Image: The Annunciation (c. 1440-1445) is an Early Renaissance fresco by Fra Angelico in the Convent of San Marco in Florence, Italy. When Cosimo de’ Medici rebuilt the convent, he commissioned Fra Angelico to decorate the walls with intricate frescos. This included the altarpiece, the inside of the monk’s cells, the friar’s cloister, the chapter house, and inside the corridors; around 50 pieces in total. All of the paintings were done by Angelico himself or under his direct supervision. Of all the frescos at the convent, the Annunciation is the most well known in the art world.

‘Reflections on love’

Akosita Tangi
Advent 4, Year B
Psalm 89; Luke 1:26-38

Today we are reflecting on love. It is the fourth Sunday and the last Sunday in the season of Advent.

Luke 1:26-38 is a passage from the Gospel of Luke that tells the story of how God sent the angel Gabriel to announce to Mary that she would conceive and give birth to Jesus, the Son of God. This is one of the most well-known and celebrated events in salvation history.

The Bible says that “God is love” and that humans crave love from the moment of existence. But the word love describes an emotion with differing degrees of intensity.

Four unique forms of love are found in Scripture. They are communicated through four Greek words (ErosStorgePhilia and Agape) and are characterised by romantic love, family love, brotherly/sisterly love, and divine love. 

Eros is the Greek word for sensual or romantic love. The term originated from the mythological Greek god of love, sexual desire, physical attraction, and physical love, Eros, whose Roman counterpart was Cupid. Love in the form of Eros seeks its own interest and satisfaction – to possess the object of love … Within marriage/committed relationship, eros love is to be celebrated and enjoyed as a beautiful blessing from God (Proverbs 5:18-19; see also Hebrews 13:4; 1 Corinthians 7:5; Ecclesiastes 9:9). In the Old Testament, the Song of Solomon vividly portrays the passion of erotic love …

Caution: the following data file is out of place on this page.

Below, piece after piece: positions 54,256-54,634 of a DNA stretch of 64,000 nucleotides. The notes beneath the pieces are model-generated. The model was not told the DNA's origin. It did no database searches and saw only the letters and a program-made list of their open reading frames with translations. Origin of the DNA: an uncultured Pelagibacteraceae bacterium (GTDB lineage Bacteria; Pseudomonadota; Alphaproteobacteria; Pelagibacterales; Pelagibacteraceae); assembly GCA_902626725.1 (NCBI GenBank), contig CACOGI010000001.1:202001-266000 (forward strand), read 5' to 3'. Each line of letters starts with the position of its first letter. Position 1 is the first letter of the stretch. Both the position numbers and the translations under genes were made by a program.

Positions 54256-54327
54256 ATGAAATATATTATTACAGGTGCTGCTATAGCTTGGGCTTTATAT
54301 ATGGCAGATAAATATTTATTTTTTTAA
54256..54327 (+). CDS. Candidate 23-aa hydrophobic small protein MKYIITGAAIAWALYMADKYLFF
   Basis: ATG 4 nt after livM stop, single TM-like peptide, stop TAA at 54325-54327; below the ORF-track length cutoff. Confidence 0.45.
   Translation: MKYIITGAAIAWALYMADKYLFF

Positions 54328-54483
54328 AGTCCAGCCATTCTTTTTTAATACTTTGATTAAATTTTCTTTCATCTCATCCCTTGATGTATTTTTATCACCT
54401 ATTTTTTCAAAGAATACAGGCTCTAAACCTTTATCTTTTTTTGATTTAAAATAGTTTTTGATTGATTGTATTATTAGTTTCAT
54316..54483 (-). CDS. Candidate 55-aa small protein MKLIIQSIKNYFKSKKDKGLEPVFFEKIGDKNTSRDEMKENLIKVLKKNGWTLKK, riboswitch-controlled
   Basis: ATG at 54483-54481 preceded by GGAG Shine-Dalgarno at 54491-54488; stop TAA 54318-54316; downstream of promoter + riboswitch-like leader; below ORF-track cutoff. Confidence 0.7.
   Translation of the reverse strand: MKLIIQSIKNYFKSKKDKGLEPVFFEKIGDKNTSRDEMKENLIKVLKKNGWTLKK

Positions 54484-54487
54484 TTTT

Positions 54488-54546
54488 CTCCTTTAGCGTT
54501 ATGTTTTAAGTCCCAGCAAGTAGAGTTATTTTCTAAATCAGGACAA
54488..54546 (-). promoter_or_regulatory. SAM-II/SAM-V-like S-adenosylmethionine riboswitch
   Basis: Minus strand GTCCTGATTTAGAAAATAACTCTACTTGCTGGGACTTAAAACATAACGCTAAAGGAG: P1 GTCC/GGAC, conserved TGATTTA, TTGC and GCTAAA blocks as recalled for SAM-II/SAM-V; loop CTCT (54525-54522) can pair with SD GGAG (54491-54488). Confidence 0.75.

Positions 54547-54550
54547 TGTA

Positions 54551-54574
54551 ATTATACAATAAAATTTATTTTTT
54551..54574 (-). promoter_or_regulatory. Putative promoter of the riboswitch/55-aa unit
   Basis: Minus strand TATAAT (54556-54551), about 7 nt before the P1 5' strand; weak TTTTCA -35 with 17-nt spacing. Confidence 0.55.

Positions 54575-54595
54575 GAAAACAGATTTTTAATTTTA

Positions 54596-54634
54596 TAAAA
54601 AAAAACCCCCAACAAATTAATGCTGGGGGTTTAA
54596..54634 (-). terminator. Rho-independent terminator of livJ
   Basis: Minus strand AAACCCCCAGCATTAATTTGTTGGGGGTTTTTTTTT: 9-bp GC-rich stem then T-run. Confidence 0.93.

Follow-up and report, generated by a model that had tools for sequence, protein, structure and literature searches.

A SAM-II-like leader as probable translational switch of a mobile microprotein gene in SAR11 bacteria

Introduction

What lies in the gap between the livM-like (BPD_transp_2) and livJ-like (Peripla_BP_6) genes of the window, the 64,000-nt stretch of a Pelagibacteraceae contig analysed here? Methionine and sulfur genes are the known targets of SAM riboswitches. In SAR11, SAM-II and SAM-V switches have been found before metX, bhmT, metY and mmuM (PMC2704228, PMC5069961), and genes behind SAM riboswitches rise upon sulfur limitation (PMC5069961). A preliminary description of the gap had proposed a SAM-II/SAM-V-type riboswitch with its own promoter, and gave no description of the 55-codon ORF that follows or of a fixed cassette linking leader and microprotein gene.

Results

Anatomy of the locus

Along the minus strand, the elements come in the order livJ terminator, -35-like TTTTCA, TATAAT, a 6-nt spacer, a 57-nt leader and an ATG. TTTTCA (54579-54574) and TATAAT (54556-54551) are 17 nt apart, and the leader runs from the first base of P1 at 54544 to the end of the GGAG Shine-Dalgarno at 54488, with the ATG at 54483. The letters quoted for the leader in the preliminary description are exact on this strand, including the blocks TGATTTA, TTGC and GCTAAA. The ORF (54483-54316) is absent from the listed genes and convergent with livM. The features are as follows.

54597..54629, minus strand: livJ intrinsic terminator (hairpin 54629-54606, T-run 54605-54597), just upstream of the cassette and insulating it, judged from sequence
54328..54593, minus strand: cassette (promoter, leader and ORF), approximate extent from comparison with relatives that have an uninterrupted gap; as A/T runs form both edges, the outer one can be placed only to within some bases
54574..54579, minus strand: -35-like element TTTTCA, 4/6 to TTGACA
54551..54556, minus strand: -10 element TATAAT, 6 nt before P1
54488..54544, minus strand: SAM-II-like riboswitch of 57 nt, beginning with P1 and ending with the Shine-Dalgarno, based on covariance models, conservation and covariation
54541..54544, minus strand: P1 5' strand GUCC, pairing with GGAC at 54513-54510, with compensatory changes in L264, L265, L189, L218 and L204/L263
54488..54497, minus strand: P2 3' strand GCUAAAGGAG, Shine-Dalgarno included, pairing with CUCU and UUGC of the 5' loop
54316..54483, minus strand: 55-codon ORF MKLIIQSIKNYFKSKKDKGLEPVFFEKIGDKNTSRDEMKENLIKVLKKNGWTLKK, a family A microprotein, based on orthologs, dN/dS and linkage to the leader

Storge is a term for love in the Bible that you may not be familiar with. This Greek word describes family love, the affectionate bond that develops naturally between parents and children, and brothers and sisters. Many examples of family love are found in Scripture, such as the love of Jacob for his children, and the strong love the sisters Martha and Mary had for their brother Lazarus. An interesting compound word, “philostorgos”, is found in Romans 12:10, which commands believers to “be devoted” to one another.

Christians are members of God’s family. Our lives are knit together by something stronger than physical ties – the bonds of the Spirit … God calls us to love each other with the deep affection of storge love.

Philia is the type of intimate love in the Bible that most Christians practise toward each other. This Greek term describes the powerful emotional bond seen in deep friendships. Philia, from the Greek term philos, a noun meaning “beloved, dear … a friend; someone dearly loved (prized) in a personal, intimate way; a trusted close bond of personal affection”. Philia expresses experience-based love. Jesus said philia would be an identifier of his followers: “By this everyone will know that you are my disciples, if you love one another” (John 13:35).